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Speckled and spotted but still tasty

Whether you are harvesting from a backyard apple tree or visiting a local orchard, you are likely to find apples that are less than perfect at picking. Don't be dissuaded by appearances. Many of these apples are still quite edible as well as tasty.

There are several different fungal pathogens that infect apple fruit. Diagnosing apple disease problems now can help you make management decisions to reduce disease problems in the future and will help you decide which apples to eat and which to compost.
apple fruit with black raised corky spots
Apple scab infected apple
Photo: M. Grabowski, UMN Extension

Is it apple scab?

The most common disease of apples in Minnesota is apple scab. Fruit can become infected with the apple scab fungus throughout the growing season. Infections are rough corky spots on the surface of the fruit that are tan to black in color. Scab spots may be small and round or many spots may merge together to form large rough patches on the fruit.

The apple scab fungus does not rot the fruit but if infection occurs when the fruit is young and still growing, fruit may become distorted and cracked. If this occurs, other bacteria and fungi may move in and rot the fruit. Discard severely distorted or rotten fruit. Apples that have an intact skin but have some apple scab infection are edible. They can be eaten fresh or peeled and used for cooking.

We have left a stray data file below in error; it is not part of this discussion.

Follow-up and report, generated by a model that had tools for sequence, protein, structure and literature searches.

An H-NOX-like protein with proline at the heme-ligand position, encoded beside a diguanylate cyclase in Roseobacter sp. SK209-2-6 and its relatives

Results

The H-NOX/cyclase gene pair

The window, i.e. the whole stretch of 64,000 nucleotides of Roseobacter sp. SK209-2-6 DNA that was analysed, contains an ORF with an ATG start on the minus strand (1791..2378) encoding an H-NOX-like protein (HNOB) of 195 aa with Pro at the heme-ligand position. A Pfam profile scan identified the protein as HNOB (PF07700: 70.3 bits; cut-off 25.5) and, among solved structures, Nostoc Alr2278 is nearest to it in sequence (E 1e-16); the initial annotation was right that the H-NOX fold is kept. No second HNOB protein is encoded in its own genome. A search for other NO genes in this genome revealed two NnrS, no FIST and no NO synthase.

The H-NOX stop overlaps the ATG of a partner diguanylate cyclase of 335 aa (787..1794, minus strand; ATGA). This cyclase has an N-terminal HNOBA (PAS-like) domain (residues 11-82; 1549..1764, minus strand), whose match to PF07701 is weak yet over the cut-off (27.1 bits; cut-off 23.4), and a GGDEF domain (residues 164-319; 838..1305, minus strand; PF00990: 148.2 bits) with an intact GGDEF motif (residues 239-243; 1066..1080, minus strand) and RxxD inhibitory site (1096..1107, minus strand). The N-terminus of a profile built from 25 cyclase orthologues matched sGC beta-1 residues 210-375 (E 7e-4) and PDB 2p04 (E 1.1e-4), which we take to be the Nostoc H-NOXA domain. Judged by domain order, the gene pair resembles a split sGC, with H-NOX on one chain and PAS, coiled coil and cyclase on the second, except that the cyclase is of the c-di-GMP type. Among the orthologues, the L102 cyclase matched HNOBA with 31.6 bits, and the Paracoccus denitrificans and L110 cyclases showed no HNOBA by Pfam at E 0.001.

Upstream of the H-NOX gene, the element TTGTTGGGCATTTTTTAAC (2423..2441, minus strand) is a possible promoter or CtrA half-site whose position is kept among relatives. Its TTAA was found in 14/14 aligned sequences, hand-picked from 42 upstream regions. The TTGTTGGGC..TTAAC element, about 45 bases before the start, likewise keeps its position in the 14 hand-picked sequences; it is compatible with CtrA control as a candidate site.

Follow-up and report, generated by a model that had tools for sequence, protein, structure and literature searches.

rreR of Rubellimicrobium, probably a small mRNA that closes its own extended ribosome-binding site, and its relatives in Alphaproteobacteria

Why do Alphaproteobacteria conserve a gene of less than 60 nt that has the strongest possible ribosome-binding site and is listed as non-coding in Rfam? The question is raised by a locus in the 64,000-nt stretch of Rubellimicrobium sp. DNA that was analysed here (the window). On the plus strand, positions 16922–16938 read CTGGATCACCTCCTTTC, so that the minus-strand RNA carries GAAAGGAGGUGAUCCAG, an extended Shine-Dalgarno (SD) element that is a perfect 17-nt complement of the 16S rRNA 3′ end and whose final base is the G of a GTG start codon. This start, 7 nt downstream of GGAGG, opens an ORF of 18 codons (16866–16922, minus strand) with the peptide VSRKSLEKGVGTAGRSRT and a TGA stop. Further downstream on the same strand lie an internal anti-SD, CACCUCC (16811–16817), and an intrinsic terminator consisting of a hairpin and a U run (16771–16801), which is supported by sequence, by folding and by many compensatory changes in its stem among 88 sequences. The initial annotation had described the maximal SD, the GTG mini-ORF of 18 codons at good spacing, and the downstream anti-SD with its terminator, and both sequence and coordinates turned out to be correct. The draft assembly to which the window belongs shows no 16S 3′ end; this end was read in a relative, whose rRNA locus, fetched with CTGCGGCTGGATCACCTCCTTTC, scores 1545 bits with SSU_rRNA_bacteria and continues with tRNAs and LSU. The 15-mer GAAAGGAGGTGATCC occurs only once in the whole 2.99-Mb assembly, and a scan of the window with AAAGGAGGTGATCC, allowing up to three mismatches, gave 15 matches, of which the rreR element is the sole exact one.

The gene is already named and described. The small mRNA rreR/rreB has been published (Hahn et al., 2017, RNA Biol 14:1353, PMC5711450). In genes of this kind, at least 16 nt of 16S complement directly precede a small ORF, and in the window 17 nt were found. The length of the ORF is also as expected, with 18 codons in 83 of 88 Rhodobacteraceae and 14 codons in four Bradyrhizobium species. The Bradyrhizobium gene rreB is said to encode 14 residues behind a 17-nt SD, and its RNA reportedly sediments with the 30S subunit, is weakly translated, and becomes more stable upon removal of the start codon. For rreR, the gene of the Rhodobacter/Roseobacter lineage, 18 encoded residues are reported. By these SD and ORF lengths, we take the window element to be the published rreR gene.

apple with a cluster tiny black dots and larger green gray spots
Flyspeck and sooty mold on apple
M. Grabowski, UMN Extension 

What are the black dots and greenish-gray smudges?

Fly speck and sooty mold are fungal diseases that develop on the waxy covering of the fruit but do not infect the fruit itself. Flyspeck looks like a cluster of small black dots. Sooty mold looks looks like a small green gray smudge. These fungi never infect the living cells of the apple fruit and will not result in rot. They are purely a cosmetic condition.

Fruit with fly speck and sooty mold are edible. Sooty mold can sometimes be washed off although fly speck is more persistent.
end of an apple fruit with a brown rotten area
Black rot on apple
Photo: Clemson University - USDA Cooperative Extension Slide Series,

Spots of rotting...can I eat the apple anyway?

Black rot causes more significant damage to the apple harvest because the black rot fungus causes rot of the fruit in addition to discoloration of the apple skin. Apples infected with black rot are firm but have one to a few large brown round areas on the skin. When the apple is cut in half, brown discoloration of the fruit can be seen extending from the skin all the way to the core.

Apples that have extensive rot should be composted. If only a small area of the fruit is rotted, this area can be cut out and the remaining healthy fruit can be eaten. Apples with any signs of black rot should not be stored.

Learn more about how to manage apple diseases in the home apple orchard from the UMN Apple Pest Management guide.

Author: M. Grabowski, UMN Extension

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